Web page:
From VINE PAIR  | April 11, 2017

PÂQUES : considérations archéologiques américaines et israéliennes sur le vin au temps de Jésus-Christ.

It’s hard to ignore the prominence of wine in the Bible.  According to Jancis Robinson’s Oxford Companion to Wine, the vine is mentioned more than any other plant.  A study at Brigham Young University in Utah found that the word yayin, one of many Ancient Hebrew words used for wine, is used 140 times in the Old Testament.

Wine plays a central role in the biblical narratives. 
The first thing Noah does post-flood upon reaching dry land is plant a vineyard, get trashed, and pass out in his tent.  Later, Jesus shows up at a wedding in Cana with his disciples.  During the reception, the wedding party runs out of wine and Jesus performs his first miracle, turning water into wine and saving the newlyweds from an epic faux pas.  And toward the end of his life, Jesus uses wine at the Last Supper / La Cène as a symbol of his blood (see various illustrations below)

Sacrement-Cene-Salvador-DaliLe sacrement de la dernière cène, Salvador Dali, 1955, National Gallery of Art, Washington

What kind of wine were they drinking?
Wine grapes have come a long way since the days of Jesus and King David.  There have been millennia of mutations and cross pollinations, displacement from wars and different cultures adopting land throughout time, so it is very hard to pin down what grapes were grown and used for making wine in the Middle East.  It’s not for lack of trying, though.  Winemakers in Israel have been working to find the varieties used in antiquity through DNA testing and archeological digs.  They have identified about 70 native varieties, The New York Times reports, with 20 suitable for winemaking.  It is pretty exciting stuff.  One winery — Recanati  — produced a wine called “marawi” in 2015, the first indigenous grape made into wine in modern Israeli history.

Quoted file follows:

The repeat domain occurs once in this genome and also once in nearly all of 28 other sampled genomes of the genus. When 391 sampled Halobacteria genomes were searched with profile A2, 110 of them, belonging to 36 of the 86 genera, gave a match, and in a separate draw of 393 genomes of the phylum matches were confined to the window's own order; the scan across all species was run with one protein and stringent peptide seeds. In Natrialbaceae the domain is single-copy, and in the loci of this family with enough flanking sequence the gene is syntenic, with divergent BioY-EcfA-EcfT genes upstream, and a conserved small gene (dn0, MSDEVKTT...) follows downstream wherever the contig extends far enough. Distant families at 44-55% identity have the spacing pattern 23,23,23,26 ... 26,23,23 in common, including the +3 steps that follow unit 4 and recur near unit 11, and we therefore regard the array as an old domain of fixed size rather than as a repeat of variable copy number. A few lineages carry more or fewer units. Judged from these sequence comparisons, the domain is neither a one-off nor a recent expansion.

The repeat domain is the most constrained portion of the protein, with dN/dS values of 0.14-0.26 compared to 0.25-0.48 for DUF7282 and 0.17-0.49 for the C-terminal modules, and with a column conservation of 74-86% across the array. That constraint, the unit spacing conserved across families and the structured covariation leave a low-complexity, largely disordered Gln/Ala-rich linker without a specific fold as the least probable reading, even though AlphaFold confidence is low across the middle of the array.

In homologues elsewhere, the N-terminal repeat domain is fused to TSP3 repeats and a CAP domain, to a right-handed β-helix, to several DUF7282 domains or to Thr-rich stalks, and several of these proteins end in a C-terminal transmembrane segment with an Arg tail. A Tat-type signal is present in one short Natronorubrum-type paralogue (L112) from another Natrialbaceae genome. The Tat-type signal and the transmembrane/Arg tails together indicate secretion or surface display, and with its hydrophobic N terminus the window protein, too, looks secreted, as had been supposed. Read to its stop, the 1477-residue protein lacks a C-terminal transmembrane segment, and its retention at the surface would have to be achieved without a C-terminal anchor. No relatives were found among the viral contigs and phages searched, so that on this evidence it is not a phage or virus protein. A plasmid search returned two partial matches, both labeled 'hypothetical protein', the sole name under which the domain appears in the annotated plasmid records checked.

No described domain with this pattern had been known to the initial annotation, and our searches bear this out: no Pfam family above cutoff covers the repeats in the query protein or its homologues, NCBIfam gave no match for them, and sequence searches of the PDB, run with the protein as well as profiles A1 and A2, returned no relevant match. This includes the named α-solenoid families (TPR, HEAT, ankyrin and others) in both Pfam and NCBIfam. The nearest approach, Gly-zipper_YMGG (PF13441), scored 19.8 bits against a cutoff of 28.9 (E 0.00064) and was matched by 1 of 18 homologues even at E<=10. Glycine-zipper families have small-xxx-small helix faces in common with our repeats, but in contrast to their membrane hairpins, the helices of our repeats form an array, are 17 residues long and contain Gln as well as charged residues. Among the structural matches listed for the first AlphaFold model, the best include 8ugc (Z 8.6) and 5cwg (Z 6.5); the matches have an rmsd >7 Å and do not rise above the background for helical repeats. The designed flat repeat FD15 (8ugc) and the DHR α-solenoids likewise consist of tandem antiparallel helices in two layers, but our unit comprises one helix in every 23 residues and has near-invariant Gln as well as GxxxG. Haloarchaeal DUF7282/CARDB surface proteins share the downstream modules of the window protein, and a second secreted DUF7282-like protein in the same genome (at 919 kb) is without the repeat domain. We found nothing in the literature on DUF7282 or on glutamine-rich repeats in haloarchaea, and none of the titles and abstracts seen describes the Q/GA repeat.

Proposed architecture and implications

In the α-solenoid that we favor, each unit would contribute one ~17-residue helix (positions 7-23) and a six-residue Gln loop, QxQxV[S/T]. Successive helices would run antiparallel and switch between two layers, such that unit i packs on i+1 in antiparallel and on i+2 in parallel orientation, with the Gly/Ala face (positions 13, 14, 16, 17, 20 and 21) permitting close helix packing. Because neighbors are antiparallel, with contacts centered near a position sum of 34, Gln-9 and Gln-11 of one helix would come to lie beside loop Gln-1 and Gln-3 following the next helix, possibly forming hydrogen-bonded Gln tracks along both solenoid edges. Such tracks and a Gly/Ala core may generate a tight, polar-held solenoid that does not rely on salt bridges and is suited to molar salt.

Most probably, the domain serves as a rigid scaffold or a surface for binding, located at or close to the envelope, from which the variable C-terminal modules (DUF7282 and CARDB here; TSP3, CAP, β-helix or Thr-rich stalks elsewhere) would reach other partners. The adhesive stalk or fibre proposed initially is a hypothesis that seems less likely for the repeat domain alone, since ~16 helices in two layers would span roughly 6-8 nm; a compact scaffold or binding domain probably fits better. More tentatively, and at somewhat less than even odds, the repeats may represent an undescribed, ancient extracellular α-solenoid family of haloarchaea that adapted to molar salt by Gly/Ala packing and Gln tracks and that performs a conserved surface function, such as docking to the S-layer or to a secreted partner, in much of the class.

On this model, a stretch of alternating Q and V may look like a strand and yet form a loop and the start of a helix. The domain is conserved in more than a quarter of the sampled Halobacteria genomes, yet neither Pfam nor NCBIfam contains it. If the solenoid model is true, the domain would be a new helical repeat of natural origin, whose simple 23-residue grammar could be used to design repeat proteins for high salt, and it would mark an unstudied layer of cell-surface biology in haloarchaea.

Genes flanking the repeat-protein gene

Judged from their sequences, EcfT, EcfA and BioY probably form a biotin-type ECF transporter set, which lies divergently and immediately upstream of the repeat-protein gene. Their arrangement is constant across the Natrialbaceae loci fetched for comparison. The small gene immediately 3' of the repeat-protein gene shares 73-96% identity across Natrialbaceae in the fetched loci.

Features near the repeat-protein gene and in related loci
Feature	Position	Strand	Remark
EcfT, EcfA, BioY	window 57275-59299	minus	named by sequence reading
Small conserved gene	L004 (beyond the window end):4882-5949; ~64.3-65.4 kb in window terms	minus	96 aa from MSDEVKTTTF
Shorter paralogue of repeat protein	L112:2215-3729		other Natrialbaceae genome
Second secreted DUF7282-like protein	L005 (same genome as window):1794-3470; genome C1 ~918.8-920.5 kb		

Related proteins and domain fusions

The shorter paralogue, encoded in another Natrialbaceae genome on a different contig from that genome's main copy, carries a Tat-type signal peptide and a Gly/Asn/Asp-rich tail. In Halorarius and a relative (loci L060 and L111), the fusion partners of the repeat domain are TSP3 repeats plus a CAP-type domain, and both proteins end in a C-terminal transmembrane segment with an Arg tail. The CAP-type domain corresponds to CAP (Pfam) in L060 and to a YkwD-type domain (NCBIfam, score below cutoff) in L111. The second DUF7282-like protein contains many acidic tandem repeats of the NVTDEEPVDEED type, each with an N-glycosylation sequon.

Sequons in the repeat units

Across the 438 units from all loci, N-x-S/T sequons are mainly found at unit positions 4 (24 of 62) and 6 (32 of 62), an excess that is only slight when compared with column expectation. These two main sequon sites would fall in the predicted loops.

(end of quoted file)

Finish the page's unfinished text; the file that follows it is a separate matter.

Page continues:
But aside from this pretty exciting DNA project, it is tough to know what your favorite Bible character might have had in his wine glass.  What is easier to wrap your head around is how wine was made back in the day.  Archeologists have found ancient wine presses as well as Egyptian tomb paintings depicting the winemaking process.  This, along with the writings of Pliny the Elder, gives us a sense of the style of wine of the time.

Fritz-von-Uhde-1886-Staatsgalerie-StuttgartLa Cène, Fritz von Uhde, 1866, Staatsgalerie, Stuttgart

But which variety of grapes would have been used?  Eliyashiv Drori, an œnologist at Ariel University in the West Bank, uses DNA testing to determine what types of wines would have been drunk by King David and Jesus.  He told the New York Times in 2015 that one likely variety was the dabouki, a grape native to Armenia which produces a white wine that Drori described as “cashewlike” and “a little bit tropical.”  On the other hand, the archaeologist Patrick McGovern, told the œnophilic website Vivino that the wine in question was “something like a modern-day Amarone,” a rich red variety from northern Italy.

How were they making wine?
The winemaking process began with structures built from stone in the vineyards.  These were the wine presses and they contained one large, square platform that was a few feet deep.  Into it, you would dump the grapes.  Sometimes these wine presses had a trellis built over them with ropes hanging down to hold onto while stomping around.  As they stomped the grapes, the new juice would flow into yeqebs (wine vats) and was then collected in earthen vats and stored in a cool place or under water to begin natural fermentation.

BoutsLa Cène, Dieric Bouts, 1464-67, église Saint Pierre de Louvain